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Available from: Matthew J. Reetz, Sep 30, 2015
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    • "On average, female cowbirds remove a single prothonotary warbler egg from about 60% of nests that are parasitized in our study system and cowbird nestlings increase host offspring mortality, ultimately reducing the number of warblers fledging (Hoover 2003c). In prothonotary warbler nests, cowbird nestlings increase the rate of food provisioning by adult warblers (Hoover and Reetz 2006) and, weigh on average 2–3 times more than warbler nestlings (Hoover 2003c). Each year, approximately 1500 nest-boxes (1.9-L cardboard milk carton; 95 × 95 × 200 mm) were placed 40–50 m apart within appropriate habitat in approximately 20 study sites. "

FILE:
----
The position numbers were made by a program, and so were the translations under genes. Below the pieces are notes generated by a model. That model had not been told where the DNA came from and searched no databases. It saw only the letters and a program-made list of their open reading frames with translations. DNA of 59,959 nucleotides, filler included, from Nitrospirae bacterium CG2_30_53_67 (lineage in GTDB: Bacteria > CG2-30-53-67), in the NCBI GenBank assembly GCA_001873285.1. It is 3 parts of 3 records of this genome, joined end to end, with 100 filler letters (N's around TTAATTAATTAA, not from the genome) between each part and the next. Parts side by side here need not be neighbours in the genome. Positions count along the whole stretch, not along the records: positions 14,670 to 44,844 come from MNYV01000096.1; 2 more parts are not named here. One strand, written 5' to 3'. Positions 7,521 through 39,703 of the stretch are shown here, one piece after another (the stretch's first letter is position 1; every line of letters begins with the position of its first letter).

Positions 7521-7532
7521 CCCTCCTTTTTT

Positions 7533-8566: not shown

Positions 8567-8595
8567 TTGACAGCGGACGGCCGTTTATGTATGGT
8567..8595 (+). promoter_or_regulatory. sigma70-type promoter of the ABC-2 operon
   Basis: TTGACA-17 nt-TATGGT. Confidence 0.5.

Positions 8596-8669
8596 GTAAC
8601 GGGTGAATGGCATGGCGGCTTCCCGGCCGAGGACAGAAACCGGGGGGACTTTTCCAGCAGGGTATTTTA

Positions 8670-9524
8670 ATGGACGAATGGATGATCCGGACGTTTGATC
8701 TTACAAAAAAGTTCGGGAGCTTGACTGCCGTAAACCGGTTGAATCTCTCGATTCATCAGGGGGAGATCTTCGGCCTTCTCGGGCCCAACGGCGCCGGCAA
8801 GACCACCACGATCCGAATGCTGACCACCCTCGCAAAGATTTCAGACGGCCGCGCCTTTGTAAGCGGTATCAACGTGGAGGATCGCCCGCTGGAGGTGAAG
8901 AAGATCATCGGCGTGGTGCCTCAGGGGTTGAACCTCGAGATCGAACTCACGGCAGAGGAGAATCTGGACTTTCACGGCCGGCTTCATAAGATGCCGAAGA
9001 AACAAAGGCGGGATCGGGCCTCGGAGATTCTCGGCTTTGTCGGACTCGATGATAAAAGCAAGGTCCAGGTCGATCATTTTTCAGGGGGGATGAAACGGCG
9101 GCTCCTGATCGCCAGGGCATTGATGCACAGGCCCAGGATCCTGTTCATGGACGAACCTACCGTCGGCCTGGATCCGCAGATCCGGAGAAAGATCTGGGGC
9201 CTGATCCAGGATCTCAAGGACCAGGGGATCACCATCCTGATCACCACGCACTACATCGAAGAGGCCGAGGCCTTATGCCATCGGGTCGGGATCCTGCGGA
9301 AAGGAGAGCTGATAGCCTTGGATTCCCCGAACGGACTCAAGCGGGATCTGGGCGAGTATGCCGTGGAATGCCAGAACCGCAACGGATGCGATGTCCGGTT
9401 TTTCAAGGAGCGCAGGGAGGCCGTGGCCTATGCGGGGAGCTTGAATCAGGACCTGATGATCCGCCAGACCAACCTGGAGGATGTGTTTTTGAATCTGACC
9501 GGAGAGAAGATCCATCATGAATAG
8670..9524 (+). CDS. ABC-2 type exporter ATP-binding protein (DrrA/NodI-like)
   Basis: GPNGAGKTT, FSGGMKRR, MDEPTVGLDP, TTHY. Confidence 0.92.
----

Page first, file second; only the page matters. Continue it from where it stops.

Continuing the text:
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    ABSTRACT: Host manipulation by parasites is generally regarded as a classic example of the extended phenotype, where selection favors parasite genes that adaptively alter their host’s phenotype. However, selection would simultaneously favor both hosts that recoup some fitness lost to infection (i.e., compensation) and the parasites that enhance transmission by exploiting the host’s compensatory responses. Using a long-term study (19 years) of an avian brood parasite system, we demonstrate that female prothonotary warblers Protonotaria citrea compensate for partial fecundity reduction during their first brood by initiating a second breeding attempt (i.e., double-brooding). Similarly, in successful nests with naturally reduced fecundity as a result of brood parasitism, we show that being parasitized also stimulates a compensatory double-brooding response, where female warblers raising at least 1 brown-headed cowbird Molothrus ater offspring are more likely to initiate a second brood when compared with successful nonparasitized first broods. In support of the “exploitation of compensatory responses” hypothesis, parasitized females are often parasitized again in their second brood, thereby providing additional fitness benefits to cowbirds while enabling parasitized warblers that double-brood to recoup some fitness lost in the first brood. Experimentally parasitized female warblers exhibited a similar increase in double-brooding behavior, and the double-brooding frequency of parasitized female warblers was not attributable to reduced post-fledgling survival of cowbirds, thereby supplying further support for the role of parasite-induced fecundity reduction in the compensatory double-brooding behavior of a host.